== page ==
Author who cultivated an enchanting O.C. garden
Hortense Miller, a feisty environmentalist and author who created one of the best private gardens in the country and whose knowledge of plants was sought by leading horticulturists, has died. She was 99.
Miller died Monday of natural causes at an assisted-living facility in Mission Viejo, said her friend Marsha Bode.
Fiercely protective of her 2 1/2 -acre property in Laguna Beach’s rugged Boat Canyon, off Coast Highway and about a five-minute drive from Main Beach, Miller gave the land to the city in 1976. She wanted the public to continue to see it the way she liked it, as a wild mix of native coastal scrub, tropical succulents, blooming perennials and exotics such as towering puya stalks from Chile.
“Age hasn’t done a thing for me,” she once said of the land she nurtured for five decades. “But it’s done wonders for the garden. It gets better all the time.”
The land, which included her one-story house, was Miller’s pulpit where she sermonized about development, overpopulation and “the unhandy hand of man.” She would tell visitors and their volunteer docents that plants are more important than people.
The land, described as an intensely personal garden by House & Garden magazine, has been showcased in many books, including Stanley Schuler’s “America’s Great Private Gardens” and “Beautiful Gardens” by Eric Johnson and Scott Millard. It was also the focus of Miller’s book, “A Garden in Laguna.”
An editor of Fine Gardening magazine once wished to be dangled from a helicopter to be able to see the entire sloping property and its 1,500 species of plants. Horticulturists, garden writers and hobbyists made pilgrimages to see Miller and her creation, but she never kept track of them. She said her land wasn’t impressed with fame.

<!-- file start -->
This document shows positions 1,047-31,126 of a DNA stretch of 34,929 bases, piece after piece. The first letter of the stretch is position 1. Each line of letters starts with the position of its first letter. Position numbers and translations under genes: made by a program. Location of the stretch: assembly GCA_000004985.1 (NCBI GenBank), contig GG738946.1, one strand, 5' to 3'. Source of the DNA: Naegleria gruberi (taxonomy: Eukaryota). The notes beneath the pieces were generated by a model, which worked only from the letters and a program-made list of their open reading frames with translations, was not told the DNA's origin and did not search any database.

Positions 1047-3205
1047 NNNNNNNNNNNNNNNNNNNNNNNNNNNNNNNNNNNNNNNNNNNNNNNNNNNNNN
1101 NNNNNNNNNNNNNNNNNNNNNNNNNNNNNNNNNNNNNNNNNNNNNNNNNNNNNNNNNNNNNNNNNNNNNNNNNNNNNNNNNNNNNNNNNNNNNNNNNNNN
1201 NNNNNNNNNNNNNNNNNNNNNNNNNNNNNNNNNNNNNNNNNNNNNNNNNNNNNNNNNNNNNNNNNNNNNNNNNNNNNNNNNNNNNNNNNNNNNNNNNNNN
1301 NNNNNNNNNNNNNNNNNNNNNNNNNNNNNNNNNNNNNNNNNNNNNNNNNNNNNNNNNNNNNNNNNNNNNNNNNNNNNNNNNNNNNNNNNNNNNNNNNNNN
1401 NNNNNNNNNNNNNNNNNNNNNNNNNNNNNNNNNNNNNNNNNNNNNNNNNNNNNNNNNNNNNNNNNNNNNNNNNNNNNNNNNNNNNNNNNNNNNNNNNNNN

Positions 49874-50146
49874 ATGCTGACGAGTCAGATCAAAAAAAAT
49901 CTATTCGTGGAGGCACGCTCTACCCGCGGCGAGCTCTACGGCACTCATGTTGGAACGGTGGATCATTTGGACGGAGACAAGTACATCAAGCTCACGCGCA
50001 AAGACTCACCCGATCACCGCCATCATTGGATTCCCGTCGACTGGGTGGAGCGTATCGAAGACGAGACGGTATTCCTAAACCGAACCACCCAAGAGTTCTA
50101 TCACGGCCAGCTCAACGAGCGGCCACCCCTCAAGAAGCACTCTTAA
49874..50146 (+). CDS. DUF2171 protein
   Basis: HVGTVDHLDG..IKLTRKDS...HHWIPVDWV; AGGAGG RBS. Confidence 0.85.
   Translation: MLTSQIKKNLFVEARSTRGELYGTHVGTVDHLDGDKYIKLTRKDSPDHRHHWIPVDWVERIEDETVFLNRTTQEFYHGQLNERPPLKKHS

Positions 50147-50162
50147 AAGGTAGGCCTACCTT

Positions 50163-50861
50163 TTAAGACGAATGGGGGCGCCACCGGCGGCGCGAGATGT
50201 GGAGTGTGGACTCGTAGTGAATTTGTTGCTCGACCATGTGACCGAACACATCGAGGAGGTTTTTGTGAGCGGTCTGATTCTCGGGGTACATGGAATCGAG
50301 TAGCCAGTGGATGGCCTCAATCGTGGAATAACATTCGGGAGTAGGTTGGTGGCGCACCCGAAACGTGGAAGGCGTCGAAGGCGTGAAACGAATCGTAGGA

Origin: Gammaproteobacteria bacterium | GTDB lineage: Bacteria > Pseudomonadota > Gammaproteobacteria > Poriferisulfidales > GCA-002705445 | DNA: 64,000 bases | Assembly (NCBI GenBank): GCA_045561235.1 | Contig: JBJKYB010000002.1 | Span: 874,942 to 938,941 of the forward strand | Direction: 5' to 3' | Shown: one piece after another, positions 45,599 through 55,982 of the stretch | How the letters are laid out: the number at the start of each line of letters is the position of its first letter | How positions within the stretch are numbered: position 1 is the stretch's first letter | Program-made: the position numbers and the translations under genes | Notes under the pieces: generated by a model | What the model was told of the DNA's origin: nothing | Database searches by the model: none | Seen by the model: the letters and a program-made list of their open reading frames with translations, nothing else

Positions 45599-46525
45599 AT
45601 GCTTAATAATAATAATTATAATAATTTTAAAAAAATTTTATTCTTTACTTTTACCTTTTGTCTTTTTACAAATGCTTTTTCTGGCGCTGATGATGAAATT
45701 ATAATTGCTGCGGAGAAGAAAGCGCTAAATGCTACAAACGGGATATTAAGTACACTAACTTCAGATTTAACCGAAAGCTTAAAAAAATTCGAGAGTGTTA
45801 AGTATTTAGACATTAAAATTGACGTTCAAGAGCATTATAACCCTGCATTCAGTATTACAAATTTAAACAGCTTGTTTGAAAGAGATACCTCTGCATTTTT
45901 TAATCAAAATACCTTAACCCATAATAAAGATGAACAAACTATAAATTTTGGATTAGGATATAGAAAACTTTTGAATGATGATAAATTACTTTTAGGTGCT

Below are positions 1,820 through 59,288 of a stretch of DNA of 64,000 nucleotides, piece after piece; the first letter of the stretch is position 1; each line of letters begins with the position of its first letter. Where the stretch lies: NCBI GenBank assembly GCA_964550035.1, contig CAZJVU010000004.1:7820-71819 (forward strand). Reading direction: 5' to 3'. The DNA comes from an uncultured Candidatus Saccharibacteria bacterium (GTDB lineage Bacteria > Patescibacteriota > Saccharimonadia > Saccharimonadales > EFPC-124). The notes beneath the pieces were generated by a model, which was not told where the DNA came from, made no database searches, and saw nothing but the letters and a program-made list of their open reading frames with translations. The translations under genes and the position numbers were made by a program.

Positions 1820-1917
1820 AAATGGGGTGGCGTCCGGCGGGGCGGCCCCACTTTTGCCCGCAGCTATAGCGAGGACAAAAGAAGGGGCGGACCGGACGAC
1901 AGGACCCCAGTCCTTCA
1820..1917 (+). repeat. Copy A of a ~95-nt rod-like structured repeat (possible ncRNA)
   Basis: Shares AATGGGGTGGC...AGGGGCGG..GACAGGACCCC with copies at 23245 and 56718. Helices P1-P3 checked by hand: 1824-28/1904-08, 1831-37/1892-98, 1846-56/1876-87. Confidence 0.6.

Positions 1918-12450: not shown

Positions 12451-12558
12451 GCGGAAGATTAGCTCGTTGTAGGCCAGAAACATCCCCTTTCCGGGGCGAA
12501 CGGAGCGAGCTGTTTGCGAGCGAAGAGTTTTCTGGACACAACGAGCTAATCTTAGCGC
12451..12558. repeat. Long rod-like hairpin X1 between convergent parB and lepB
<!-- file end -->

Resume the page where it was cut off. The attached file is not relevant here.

Although she married a wealthy lawyer who took her to see the palace grounds at Versailles -- gardens she dismissed as too showy -- she remained a Midwestern schoolteacher at heart. She learned about plants by reading botany books and through trial and error. She made fences and trellises by hand from bamboo that she grew. She worked in her garden every day, pruning and planting from the time she was 51 until she was 93 and could no longer navigate the steep terrain.
She survived the death of her husband, Oscar, a few months after they moved into their home in 1959. She also survived fires, floods, mudslides, Santa Ana windstorms and unhappy neighbors.
Some didn’t like that the public was granted access to their gated community. “You would have thought I was opening a brothel,” Miller said. Homeowners whose view of the ocean was blocked by Miller’s garden disagreed with her stand that it was better to look at a tree. She refused to cut down her sugar-gum eucalyptus and redwoods.
Once fearful that the large parcel of open land adjacent to hers would be divided into lots with dreaded lawns, she cheered when the Irvine Co. made a deal with Orange County in 1999 to add the firm’s land to the 6,000-acre Laguna Coast Wilderness Park. Part of the arrangement allowed her to live in her home on the property for as long as she was physically able.